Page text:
Apples Portland OR

medium'size apple (about as big as a tennis ball) contains roughly three grams of the stuff, and fiber has a crafty way of tricking the body into eating less. By increasing the bulk in your stomach, it makes you feel full without adding a lot of calories.

Robert George Martindale, MD
3181 SW Sam Jackson Park Rd
Portland, OR
Specialties
Internal Medicine, Nutrition
Gender
Male
Education
Medical School: George Washington Univ Sch Of Med & Hlth Sci, Washington Dc 20037
Graduation Year: 1984

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Kay Fields
(503) 295-7600
1962 NW Kearney
Portland, OR
Company
Acupuncture and Herbal Clinic
Industry
Acupuncturist, Nutritionist, Reiki Master

Data Provided by:
William Brewster Smith, MD
(503) 229-7246
1040 NW 22nd Ave Ste 400
Portland, OR
Specialties
Internal Medicine, Nutrition
Gender
Male
Education
Medical School: Umdnj-New Jersey Med Sch, Newark Nj 07103
Graduation Year: 1972

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Foundation Natural Medicine Center
(503) 608-9160
3800 Southwest Cedar Hills Boulevard, Suite 200-D
Beaverton, OR
Services
Wellness Training, Weight Management, Supplements, Stress Management, Preventive Medicine, Nutrition, Herbal Medicine, Functional Medicine, Family Practice, Diabetes, Chiropractic, Cardiovascular Disease, Arthritis, Allergy
Membership Organizations
American Holistic Medical Association

Data Provided by:
Bruce Mc Laren Wolfe, MD
(800) 282-3284
2338 NW Jessamine Way
Portland, OR
Gender
Male
Education
Medical School: St Louis Univ Sch Of Med, St Louis Mo 63104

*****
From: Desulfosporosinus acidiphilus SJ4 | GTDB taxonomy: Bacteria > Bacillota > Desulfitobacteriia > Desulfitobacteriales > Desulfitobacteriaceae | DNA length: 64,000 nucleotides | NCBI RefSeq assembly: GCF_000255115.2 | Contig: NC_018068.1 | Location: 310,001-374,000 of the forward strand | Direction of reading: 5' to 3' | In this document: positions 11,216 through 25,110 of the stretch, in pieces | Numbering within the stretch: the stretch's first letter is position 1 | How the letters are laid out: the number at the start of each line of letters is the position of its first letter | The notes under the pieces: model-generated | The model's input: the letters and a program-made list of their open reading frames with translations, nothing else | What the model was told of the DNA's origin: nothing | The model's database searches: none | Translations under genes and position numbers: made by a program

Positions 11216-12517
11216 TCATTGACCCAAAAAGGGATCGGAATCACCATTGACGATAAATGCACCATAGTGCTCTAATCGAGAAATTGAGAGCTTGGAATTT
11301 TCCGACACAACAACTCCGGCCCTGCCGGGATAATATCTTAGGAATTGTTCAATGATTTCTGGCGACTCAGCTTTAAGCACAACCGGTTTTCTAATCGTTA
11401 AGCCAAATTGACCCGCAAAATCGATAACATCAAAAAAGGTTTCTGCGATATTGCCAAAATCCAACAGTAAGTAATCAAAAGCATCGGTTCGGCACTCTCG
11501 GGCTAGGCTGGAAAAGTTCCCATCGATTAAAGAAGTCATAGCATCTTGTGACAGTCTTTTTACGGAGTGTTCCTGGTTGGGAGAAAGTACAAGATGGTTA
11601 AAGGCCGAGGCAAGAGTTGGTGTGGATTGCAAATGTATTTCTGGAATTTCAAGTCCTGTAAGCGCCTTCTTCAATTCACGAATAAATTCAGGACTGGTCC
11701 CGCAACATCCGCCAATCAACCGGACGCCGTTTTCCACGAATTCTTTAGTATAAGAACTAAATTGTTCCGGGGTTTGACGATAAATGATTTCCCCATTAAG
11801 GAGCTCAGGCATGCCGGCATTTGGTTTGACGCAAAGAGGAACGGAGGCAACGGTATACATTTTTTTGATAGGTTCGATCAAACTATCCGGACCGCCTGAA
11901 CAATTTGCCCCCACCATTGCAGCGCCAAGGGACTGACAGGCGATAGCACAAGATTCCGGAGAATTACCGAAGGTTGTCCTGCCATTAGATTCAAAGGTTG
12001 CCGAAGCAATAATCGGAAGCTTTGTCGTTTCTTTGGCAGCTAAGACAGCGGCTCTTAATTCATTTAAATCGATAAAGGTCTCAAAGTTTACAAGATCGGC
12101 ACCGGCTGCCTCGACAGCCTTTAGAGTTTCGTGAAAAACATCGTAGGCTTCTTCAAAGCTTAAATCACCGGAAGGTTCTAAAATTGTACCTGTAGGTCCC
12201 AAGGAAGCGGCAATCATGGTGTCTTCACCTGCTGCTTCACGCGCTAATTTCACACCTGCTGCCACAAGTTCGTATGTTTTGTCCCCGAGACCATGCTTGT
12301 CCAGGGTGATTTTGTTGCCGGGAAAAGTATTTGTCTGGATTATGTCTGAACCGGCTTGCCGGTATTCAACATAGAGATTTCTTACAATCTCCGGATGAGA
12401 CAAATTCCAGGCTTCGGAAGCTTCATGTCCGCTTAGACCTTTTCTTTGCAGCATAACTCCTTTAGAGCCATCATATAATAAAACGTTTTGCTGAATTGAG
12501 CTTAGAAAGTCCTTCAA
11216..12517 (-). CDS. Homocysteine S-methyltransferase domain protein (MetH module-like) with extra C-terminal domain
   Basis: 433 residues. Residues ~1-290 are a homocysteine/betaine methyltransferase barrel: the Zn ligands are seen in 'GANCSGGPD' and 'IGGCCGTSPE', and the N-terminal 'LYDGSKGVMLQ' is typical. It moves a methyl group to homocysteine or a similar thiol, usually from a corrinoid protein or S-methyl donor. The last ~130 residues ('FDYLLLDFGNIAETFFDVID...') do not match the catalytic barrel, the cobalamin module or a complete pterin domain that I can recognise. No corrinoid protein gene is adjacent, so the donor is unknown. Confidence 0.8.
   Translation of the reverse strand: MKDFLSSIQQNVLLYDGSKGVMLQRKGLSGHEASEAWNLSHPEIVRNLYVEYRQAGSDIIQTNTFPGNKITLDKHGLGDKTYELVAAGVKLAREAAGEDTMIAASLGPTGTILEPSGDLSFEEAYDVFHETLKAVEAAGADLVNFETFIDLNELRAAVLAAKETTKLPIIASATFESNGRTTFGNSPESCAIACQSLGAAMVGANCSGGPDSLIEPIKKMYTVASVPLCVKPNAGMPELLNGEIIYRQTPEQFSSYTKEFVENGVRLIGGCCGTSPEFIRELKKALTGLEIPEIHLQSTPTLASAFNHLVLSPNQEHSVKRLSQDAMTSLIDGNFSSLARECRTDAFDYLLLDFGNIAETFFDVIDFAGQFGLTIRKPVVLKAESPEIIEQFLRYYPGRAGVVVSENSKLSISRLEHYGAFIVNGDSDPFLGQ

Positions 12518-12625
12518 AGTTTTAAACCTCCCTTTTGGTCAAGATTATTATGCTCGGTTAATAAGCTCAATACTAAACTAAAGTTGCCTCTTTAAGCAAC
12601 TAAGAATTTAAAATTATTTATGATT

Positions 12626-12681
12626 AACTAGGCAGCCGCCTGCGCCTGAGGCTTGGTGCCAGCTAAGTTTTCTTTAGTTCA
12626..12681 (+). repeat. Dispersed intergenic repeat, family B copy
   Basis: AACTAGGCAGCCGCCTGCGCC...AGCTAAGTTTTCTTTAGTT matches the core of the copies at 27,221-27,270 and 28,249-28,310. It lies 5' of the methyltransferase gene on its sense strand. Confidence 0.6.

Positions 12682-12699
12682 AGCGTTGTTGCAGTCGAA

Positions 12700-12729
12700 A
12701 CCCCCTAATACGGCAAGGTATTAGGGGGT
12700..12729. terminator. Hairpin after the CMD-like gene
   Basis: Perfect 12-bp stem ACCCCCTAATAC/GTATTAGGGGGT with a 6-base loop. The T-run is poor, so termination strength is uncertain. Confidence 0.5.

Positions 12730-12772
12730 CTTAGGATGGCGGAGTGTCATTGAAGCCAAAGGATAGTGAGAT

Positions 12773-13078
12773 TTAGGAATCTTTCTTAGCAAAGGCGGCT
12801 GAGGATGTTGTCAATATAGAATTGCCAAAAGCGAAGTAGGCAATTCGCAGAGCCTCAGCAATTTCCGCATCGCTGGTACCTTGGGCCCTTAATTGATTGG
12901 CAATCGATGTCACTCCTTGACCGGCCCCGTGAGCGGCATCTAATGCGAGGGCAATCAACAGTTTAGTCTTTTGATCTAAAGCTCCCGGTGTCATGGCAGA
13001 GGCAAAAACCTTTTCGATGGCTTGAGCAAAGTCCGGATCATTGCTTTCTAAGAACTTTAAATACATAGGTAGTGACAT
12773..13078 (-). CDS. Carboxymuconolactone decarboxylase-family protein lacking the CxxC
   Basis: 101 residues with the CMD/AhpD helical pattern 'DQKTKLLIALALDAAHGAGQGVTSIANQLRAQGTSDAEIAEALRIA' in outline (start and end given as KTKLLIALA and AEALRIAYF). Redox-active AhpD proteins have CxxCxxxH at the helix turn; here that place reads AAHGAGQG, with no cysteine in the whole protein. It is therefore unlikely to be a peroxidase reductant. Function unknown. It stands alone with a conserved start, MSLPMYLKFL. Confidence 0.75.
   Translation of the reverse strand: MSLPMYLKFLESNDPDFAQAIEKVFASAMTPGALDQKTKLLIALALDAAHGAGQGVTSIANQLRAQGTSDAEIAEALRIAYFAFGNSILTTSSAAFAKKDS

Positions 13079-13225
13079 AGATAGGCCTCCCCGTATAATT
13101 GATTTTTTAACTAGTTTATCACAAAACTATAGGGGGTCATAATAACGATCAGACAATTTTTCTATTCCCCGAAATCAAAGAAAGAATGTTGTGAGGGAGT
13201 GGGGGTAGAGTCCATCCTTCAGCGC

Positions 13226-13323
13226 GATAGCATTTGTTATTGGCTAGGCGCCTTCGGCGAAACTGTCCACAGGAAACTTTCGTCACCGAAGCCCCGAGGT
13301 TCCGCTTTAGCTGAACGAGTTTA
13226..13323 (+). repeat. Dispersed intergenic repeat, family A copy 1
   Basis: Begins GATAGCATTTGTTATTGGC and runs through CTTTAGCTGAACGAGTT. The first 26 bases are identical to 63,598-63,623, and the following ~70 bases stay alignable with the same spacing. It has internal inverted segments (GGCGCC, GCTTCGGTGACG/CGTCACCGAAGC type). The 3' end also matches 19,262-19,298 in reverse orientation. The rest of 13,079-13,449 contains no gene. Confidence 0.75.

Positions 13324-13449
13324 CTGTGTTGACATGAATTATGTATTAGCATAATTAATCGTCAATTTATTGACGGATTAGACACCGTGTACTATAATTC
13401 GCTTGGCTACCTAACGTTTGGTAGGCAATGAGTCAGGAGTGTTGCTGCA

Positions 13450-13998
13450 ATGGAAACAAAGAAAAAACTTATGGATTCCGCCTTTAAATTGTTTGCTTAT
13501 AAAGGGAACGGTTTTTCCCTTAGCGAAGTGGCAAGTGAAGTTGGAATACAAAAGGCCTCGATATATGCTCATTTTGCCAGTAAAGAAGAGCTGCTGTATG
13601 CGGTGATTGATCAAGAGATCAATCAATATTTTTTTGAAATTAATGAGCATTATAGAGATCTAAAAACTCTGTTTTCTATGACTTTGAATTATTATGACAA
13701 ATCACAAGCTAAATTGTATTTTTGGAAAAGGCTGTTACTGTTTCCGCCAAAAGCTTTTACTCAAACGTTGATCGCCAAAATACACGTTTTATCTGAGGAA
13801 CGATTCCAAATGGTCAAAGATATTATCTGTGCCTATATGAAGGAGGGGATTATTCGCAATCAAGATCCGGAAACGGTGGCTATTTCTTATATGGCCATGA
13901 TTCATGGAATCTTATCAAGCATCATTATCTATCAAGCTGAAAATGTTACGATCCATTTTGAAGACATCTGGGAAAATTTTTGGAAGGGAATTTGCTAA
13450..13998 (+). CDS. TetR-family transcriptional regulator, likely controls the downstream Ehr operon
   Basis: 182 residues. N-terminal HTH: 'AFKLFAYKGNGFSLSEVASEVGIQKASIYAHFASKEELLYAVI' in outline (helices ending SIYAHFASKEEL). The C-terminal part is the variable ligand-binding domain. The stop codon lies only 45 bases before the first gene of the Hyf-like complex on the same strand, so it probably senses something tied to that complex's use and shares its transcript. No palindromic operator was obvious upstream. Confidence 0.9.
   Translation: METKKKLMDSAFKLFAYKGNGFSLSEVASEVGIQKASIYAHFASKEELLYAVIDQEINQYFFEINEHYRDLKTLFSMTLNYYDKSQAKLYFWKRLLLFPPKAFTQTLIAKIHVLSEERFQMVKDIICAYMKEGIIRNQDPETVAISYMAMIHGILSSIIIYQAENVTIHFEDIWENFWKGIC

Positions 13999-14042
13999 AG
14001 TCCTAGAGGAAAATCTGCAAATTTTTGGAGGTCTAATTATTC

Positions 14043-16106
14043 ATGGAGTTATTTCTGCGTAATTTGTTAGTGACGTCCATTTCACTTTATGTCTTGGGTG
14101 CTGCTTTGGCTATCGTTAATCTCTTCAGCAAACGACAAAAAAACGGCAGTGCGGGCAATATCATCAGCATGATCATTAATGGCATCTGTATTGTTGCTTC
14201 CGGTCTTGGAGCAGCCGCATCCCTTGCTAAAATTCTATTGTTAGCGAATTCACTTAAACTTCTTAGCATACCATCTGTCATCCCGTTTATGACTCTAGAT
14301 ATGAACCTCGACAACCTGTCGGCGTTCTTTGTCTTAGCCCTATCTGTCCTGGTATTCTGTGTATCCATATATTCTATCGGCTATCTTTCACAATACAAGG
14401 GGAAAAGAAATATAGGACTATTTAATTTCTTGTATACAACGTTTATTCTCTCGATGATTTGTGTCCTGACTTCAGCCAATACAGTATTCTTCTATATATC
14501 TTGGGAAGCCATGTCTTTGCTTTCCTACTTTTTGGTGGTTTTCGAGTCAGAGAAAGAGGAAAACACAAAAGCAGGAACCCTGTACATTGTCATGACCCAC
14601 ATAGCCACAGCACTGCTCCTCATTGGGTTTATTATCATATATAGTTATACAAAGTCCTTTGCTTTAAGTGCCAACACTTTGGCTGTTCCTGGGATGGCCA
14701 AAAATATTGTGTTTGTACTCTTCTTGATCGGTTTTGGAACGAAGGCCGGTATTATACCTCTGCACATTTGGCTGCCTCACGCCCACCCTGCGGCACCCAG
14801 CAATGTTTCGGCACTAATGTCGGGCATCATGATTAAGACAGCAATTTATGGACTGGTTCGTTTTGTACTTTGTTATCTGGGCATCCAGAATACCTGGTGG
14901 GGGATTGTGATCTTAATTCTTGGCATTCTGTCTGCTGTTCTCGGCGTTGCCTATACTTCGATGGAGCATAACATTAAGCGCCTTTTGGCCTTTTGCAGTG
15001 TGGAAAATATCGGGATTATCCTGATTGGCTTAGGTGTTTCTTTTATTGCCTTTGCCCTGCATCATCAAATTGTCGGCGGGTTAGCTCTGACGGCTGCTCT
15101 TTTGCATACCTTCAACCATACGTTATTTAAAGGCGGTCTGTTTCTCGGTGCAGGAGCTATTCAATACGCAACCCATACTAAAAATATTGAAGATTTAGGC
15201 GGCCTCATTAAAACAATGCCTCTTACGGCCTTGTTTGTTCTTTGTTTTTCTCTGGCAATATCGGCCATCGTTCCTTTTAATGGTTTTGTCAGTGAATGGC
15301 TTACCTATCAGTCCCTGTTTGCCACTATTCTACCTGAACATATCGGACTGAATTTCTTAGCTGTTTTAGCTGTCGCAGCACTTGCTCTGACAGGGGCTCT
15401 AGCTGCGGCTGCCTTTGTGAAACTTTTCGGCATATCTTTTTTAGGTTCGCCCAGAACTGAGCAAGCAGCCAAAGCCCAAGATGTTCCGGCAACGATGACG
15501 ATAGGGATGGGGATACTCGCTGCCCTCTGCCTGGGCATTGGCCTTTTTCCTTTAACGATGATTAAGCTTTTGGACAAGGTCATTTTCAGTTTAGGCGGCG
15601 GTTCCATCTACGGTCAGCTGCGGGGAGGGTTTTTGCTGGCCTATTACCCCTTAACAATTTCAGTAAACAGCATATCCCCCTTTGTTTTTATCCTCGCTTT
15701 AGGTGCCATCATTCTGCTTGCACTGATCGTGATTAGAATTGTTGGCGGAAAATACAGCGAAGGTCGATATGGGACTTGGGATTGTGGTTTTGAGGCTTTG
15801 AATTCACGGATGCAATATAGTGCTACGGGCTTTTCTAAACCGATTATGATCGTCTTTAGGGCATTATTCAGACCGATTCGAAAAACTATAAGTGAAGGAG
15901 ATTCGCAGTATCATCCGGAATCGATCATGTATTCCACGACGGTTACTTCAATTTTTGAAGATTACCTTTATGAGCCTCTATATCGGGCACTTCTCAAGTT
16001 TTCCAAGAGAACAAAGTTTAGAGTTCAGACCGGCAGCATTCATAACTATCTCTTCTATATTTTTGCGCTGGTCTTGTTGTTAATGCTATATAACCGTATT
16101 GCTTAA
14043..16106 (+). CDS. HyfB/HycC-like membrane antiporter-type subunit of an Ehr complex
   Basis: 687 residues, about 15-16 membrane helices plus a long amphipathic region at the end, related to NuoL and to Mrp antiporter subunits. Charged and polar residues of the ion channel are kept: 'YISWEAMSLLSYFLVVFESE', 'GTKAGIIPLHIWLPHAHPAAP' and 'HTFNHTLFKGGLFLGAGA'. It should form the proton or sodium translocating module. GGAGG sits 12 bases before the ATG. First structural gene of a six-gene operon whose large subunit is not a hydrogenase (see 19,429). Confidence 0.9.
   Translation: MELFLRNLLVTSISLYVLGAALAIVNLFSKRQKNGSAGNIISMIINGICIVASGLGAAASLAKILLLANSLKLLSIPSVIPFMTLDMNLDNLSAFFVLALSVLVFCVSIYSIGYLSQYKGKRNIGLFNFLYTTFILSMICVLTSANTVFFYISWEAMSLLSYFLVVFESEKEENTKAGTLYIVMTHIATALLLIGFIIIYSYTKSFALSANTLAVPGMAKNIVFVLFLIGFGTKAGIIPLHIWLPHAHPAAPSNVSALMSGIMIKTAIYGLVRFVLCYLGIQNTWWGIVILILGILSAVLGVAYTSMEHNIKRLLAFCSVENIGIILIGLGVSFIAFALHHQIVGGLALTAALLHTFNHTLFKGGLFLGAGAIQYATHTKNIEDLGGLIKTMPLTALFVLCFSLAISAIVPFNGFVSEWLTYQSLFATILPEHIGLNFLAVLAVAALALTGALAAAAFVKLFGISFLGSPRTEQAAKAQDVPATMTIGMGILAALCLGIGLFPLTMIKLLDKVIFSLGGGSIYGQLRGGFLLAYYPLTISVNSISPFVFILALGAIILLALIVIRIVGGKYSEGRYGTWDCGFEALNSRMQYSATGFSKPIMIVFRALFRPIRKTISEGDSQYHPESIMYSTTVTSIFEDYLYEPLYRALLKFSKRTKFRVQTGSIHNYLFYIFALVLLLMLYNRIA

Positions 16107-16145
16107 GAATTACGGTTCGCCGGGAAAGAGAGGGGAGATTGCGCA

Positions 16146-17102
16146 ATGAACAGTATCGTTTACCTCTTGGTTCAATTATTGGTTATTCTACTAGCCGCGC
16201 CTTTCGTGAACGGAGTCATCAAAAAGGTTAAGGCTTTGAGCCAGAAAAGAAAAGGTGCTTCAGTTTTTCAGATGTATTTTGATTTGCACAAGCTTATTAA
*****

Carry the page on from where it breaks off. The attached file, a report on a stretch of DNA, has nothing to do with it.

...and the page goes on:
Graduation Year: 1967
Hospital
Hospital: Mercy San Juan Hosp, Carmichael, Ca; University Of California -Dav, Sacramento, Ca
Group Practice: Professional Svcs Grp Univ Of Ca Davis; U C Davis Medical Group Admin At Uc Davis Medical Center

Data Provided by:
Integrative Primary Care Associates
(503) 227-0350
2050 Northwest Lovejoy Street, #1
Portland, OR
Services
Yeast Syndrome, Stress Management, Preventive Medicine, Nutrition, Mind/Body Medicine, Herbal Medicine, General Practice, Functional Medicine, Family Practice
Membership Organizations
American Holistic Medical Association

Data Provided by:
Glenn Thomas Gerhard, MD
(503) 494-9000
3181 SW Sam Jackson Park Rd
Portland, OR
Specialties
Internal Medicine, Nutrition
Gender
Male
Education
Medical School: Univ Of Il Coll Of Med, Chicago Il 60680
Graduation Year: 1982

Data Provided by:
M. Joy Young
(503) 309-1163
4445 NE Fremont St
Portland, OR
Company
M. Joy Young MSW, ACSW
Industry
Nutritionist, Massage Practitioner

Data Provided by:
Claudia Sage
(503) 699-2955
16463 Boones Ferry
Lake Oswego, OR
Company
Claudia Sage
Industry
Nutritionist

Data Provided by:
Providence Medical Group
(503) 216-0700
18040 SW Lower Boones Ferry Road, Suite 100
Tigard, OR
Services
Reiki, Osteopathic/Manipulation, Nutrition, Mind/Body Medicine, Family Practice
Membership Organizations
American Holistic Medical Association

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Fitting in the Fiber